Site design and content copyright ©April 2007. Page structure amended October 2012. Page structure changed February 2019 for pages concerning Trees in pavements alongside roads in Madeira. Chris Garnons-Williams.

DISCLAIMER: Links to external sites are provided as a courtesy to visitors. Ivydene Horticultural Services are not responsible for the content and/or quality of external web sites linked from this site.  

It should be remembered that nothing is sold from this educational site, it simply tries to give you the best advice on what to use and where to get it (About Chris Garnons-Williams page details that no payment or commision to or from any donor of photos or adverts I place on the site in the Useful Data or other sections is made to Chris Garnons-Williams or Ivydene Horticultural Services). This website is a hobby and not for direct commercial gain for Ivydene Horticultural Services. There is no Google Adscenes or Search Facility in this website.

The information on this site is usually Verdana 14pt text and all is in tabular form. This can be downloaded and sorted using WORD or other word-processing software into the order that you personally require, especially for soil subsidence, the Companion Planting Tables and the pages in the Plants section. This would be suitable for use in education as well.

I put jokes in at various places to give you a smile.

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...Crocus

...Cyclamen
...Dicentra
...Dierama
...Eranthis
...Eremurus
...Erythrnium
...Eucomis

...Fritillaria
...Funkia
...Galanthus
...Galtonia
...Gladiolus
...Hemerocallis

...Hyacinth
...Hyacinths in Pots
...Scilla
...Puschkinia
...Chionodoxa
...Chionoscilla
...Muscari

...Iris
...Kniphofia
...Lapeyrousia
...Leucojum

...Lilium
...Lilium in Pots
...Malvastrum
...Merendera
...Milla
...Narcissus
...Narcissi in Pots

...Ornithogalum
...Oxalis
...Paeonia
...Ranunculus
...Romulea
...Sanguinaria
...Sternbergia
...Schizostylis
...Tecophilaea
...Trillium

...Tulip
...Zephyranthus

Half-Hardy Bulbs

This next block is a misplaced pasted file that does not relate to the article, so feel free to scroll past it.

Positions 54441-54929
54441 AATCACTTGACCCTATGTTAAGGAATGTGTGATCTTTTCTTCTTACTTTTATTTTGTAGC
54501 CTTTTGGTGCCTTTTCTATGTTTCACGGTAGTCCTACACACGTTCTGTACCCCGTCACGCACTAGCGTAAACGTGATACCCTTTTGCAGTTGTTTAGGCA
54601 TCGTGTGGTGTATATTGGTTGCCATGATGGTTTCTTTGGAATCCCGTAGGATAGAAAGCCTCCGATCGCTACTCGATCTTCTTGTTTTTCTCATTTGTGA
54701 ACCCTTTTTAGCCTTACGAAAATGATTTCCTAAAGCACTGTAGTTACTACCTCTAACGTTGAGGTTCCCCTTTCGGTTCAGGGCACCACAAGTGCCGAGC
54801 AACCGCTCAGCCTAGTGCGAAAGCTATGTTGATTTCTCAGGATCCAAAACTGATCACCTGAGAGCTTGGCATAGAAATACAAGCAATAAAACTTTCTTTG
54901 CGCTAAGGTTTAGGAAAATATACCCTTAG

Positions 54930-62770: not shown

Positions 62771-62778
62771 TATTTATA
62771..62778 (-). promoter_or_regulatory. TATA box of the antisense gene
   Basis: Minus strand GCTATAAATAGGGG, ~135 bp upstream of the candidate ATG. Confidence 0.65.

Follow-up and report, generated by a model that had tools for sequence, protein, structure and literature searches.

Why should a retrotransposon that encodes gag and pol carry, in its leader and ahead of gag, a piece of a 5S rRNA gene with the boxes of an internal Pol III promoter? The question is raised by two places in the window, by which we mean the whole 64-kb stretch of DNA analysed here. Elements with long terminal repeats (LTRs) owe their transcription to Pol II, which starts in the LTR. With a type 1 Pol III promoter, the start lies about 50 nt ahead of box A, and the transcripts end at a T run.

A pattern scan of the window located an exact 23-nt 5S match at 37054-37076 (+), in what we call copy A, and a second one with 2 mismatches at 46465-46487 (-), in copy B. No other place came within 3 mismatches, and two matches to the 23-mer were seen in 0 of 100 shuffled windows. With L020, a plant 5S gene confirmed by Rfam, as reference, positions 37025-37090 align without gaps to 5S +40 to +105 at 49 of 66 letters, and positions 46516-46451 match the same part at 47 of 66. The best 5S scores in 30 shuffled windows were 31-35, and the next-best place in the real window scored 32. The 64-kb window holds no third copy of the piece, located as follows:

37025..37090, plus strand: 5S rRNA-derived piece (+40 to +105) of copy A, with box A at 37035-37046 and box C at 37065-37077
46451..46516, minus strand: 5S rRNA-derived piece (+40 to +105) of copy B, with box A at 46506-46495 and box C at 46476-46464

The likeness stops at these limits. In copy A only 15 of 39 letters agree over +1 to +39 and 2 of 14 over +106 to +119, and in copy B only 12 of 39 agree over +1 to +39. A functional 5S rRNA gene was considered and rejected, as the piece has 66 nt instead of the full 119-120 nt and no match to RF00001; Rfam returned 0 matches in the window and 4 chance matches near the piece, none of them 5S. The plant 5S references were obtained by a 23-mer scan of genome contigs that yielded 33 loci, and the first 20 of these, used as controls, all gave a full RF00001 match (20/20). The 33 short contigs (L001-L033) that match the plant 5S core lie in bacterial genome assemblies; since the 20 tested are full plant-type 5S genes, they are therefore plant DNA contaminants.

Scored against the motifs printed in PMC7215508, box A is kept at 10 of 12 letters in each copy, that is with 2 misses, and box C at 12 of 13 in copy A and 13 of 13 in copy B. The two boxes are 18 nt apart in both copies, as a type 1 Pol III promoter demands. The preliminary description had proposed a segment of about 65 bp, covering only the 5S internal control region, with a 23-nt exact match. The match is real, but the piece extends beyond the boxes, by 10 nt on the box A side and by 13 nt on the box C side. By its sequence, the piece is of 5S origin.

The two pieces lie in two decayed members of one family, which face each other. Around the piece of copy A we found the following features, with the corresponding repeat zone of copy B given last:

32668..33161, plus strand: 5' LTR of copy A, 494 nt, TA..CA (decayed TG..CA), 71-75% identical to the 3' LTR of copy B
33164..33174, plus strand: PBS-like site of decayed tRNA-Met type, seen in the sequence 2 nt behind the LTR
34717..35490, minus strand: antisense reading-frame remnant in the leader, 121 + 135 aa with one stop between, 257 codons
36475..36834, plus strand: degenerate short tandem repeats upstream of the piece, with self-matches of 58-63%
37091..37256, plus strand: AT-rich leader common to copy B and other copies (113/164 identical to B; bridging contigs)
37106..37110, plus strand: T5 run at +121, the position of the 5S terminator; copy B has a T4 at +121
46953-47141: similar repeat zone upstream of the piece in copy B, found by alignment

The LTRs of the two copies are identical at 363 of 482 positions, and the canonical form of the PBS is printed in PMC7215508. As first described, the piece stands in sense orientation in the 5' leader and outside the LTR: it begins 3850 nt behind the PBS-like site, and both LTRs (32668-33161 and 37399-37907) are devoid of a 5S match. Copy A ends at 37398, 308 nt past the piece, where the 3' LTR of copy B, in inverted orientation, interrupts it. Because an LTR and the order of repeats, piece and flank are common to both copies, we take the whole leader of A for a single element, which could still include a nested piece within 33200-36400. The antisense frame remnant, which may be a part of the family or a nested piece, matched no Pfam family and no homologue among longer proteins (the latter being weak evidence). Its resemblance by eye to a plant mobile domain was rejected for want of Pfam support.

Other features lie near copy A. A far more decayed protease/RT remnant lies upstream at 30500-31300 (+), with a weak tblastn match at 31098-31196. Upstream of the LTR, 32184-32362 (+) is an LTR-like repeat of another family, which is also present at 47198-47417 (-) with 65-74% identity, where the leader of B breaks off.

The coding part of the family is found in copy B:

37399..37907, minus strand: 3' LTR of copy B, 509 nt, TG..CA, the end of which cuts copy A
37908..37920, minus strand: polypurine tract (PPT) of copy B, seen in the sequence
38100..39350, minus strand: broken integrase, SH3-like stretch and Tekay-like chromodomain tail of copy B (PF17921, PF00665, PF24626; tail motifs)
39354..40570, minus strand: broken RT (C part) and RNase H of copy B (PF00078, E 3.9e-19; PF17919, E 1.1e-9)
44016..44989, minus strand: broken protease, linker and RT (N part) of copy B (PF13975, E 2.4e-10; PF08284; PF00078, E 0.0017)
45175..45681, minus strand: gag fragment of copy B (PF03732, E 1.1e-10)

...Acidanthera
...Albuca
...Alstroemeri
...Andro-stephium
...Bassers
...Boussing-aultias
...Bravoas
...Cypellas
...Dahlias
...Galaxis,
...Geissorhizas
...Hesperanthas

...Gladioli
...Ixias
...Sparaxises
...Babianas
...Morphixias
...Tritonias

...Ixiolirions
...Moraeas
...Ornithogalums
...Oxalises
...Phaedra-nassas
...Pancratiums
...Tigridias
...Zephyranthes
...Cooperias

Uses of Bulbs:-
...for Bedding
...in Windowboxes
...in Border
...naturalized in Grass
...in Bulb Frame
...in Woodland Garden
...in Rock Garden
...in Bowls
...in Alpine House
...Bulbs in Greenhouse or Stove:-
...Achimenes
...Alocasias
...Amorpho-phalluses
...Arisaemas
...Arums
...Begonias
...Bomareas
...Caladiums

...Clivias
...Colocasias
...Crinums
...Cyclamens
...Cyrtanthuses
...Eucharises
...Urceocharis
...Eurycles

...Freesias
...Gloxinias
...Haemanthus
...Hippeastrums

...Lachenalias
...Nerines
...Lycorises
...Pencratiums
...Hymenocallises
...Richardias
...Sprekelias
...Tuberoses
...Vallotas
...Watsonias
...Zephyranthes

...Plant Bedding in
......Spring

......Summer
...Bulb houseplants flowering inside House during:-
......January
......February
......March
......April
......May
......June
......July
......August
......September
......October
......November
......December
...Bulbs and other types of plant flowering during:-
......Dec-Jan
......Feb-Mar
......Apr-May
......Jun-Aug
......Sep-Oct
......Nov-Dec
...Selection of the smaller and choicer plants for the Smallest of Gardens with plant flowering during the same 6 periods as in the previous selection


Climber in
3 Sector Vertical Plant System
...Clematis
...Climbers
Conifer
Deciduous Shrub
...Shrubs - Decid
Deciduous Tree
...Trees - Decid
Evergreen Perennial
...P-Evergreen A-L
...P-Evergreen M-Z